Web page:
Cleo cleans up
By Michael Roberts
"When you strip hope from people, it leaves a void, and that void needs to be filled. And very likely, that void is going to be filled by an ideology... Hope and faith are so connected. Now, when ideology connects with faith, the ideology becomes an item of faith, not a point of discussion. " ~ Alfonso Cuarón
Mexican born Alfonso Cuarón has emerged as one of the leading filmmakers of the 21st century, compiling a CV as a director that included a Harry Potter film (the third and one of the best), Children of Men and Gravity, for which he won the Academy Award for Best Director in 2014. He also notably produced his good friend and countryman Guillermo Del Toro’s masterful Pan’s Labyrinth, but in 2018 with his stunning film Roma, (and a second Best Director award) Cuarón cemented his reputation as a serious director for the ages. Not only did he write and direct Roma, but he shot the film himself and co-edited the work, making the autobiographical story set in 1970’s Mexico even more of a personal statement, one resonant with a deep humanity and heartfelt compassion.
Cleo (Yalitiza Aparicio) is a housemaid in a middle-class suburb in Mexico City, to a doctor, his wife Sofia (Marina de Tavira) and a family of four children. She shares the housekeeping duties with Adela, another maid, and the Doctor’s mother also lives in the nicely maintained house, albeit one where avoiding dog shit in the driveway is a daily dance. Cleo has a close relationship with the family, but their world is thrown into turmoil when the doctor leaves for another woman. To complicate matters Cleo becomes pregnant to a feckless martial arts lover and together the family tries to make sense of this new reality in the stresses and strains of urban Mexico, bubbling with political unrest and class tension.
Cuarón constructs a multi-layered slow burn, adopting an almost documentary approach to the tome, infusing it with effortless, telling but understated detail. The film marinades in this approach, never rising to a level of showiness or overt emotion, and always delivering under a slow but deliberate pace designed to pull the viewer into a tone, a mood that stays long after the final scene. The class issues at the centre of the piece and the attendant political ‘troubles’ on the street are never directly addressed, they are merely part of the reality of life for these people, part of the authoritative narration that Cuarón commands. The shared bond between the family and Cleo is the beating heart of the film, and that bond is put to the test by the tacit reality of the uneven power class bestows; Cleo may be part of the family, but she is also an employee and the tension created by that compact is never far from the surface.
Mexico in 1971, like many countries, was still dealing with the political fallout from the 1968 student unrest in Europe and the USA, which was amplified in Mexico due to the 1968 summer Olympics held in Mexico City. On the back of that event, the notionally socialist Mexican government got into bed with undercover US agencies and cracked down on dissent, eventually leading to mass protest, tanks on the street and the Corpus Christi massacre that served as a disturbing and incendiary set piece in Roma. The government was found to have let loose a group of US trained militia on the protesting students, who then caused the death of 120 protesters, while the police were ordered to not intervene. Cuarón weaves the political and the personal seamlessly here, the macro and the micro, and never stoops to didacticism or polemics, which adds a layer of the surreal to what is otherwise a hyper-real approach to the travails of his little band.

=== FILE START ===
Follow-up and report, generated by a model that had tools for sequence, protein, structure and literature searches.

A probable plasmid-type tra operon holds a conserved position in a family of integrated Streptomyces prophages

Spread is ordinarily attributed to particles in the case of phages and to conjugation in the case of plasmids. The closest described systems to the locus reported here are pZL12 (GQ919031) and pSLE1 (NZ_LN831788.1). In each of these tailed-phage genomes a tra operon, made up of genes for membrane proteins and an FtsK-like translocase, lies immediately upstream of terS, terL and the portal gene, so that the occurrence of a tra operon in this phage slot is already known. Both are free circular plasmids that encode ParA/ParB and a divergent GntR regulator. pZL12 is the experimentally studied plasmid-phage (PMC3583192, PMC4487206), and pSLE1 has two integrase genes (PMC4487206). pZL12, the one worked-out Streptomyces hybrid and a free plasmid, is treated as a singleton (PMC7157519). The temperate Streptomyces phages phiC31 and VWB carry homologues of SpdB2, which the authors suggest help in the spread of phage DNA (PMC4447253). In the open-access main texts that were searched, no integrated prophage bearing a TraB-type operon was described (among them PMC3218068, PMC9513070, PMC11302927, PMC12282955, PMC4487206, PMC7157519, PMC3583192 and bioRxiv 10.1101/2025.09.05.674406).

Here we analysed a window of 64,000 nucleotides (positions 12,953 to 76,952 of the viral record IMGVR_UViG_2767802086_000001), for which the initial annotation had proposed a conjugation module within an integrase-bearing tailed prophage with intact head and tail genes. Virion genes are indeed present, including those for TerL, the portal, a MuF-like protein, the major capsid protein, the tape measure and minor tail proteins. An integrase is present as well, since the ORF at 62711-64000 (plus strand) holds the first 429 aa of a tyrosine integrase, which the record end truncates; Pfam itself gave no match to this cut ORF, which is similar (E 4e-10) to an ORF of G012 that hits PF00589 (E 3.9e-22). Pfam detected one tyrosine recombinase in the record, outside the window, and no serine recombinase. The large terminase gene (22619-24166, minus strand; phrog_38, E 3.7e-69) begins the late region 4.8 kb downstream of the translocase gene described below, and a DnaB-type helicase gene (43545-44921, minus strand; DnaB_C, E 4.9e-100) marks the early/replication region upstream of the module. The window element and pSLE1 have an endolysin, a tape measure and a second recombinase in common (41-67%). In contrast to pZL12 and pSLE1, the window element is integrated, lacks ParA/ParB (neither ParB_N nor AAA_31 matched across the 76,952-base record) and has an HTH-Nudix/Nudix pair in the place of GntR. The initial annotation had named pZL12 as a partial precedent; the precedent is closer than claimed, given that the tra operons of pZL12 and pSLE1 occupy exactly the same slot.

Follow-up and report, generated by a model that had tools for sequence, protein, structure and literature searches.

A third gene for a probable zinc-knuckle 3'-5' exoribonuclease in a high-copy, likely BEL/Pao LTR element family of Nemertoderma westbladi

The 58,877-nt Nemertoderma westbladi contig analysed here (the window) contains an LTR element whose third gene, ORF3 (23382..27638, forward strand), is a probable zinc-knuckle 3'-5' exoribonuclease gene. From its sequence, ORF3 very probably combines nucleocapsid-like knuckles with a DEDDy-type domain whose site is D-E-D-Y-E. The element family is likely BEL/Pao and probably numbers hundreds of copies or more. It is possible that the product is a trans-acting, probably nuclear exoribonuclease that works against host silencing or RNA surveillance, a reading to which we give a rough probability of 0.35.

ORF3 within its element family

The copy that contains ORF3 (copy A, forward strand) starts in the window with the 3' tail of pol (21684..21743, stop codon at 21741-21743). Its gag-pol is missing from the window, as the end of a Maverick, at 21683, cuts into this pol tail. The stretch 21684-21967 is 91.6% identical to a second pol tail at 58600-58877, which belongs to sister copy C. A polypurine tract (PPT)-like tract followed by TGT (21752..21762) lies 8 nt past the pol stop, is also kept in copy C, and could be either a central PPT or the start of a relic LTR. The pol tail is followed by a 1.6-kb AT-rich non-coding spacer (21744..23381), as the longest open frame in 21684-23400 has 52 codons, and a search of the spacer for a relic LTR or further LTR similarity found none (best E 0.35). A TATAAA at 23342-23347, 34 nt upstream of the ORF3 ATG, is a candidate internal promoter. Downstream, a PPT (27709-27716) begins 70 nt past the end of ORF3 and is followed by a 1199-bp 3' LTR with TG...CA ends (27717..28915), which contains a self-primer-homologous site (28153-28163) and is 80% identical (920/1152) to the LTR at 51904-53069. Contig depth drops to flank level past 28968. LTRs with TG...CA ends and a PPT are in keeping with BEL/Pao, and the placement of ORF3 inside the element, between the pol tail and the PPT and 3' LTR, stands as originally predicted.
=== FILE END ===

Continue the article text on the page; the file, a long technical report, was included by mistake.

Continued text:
The film owes a debt to Italian Neo-realism and to the tones and beats of Luis Bunuel’s groundbreaking Mexican based work in the 1950’s, especially the working-class focus, the visual poetry and subtle surrealism of Los Olividados. Cuarón counterpoints a family in the process of breaking down with a city in the process of breaking down, and each situation mirrors and infects the other. Through both aspects of struggle, life goes on, and in such an unfussy, straightforward way that can’t help but be life affirming. Cuarón unpacks the emotional conflicts surrounding Cleo with absolute delicacy and precision, as the young woman tries to make sense of a changing and challenging world.
Yalitiza Aparicio gives a beautiful performance as the hired help, investing it with an authenticity that anchors every relationship in the film. Marina de Tavira is also noteworthy as the much put upon wife, caught between her husband’s betrayal and the needs of her brood and wider family, it’s a delicate and touching portrayal of inner grit and quiet tenacity. Both key women find a modicum of grace under pressure when the world is falling about all around them, and Cuarón’s respect for each character is evident in every frame. The casting is top shelf, all the child actors are all capable and believable, as is the small part by Verónica García as Sophia's mother.
Roma is the work of an artist at the top of his game, and if Netflix enable nothing else in their corporate history, they will at least have done this. Roma a humanist masterpiece.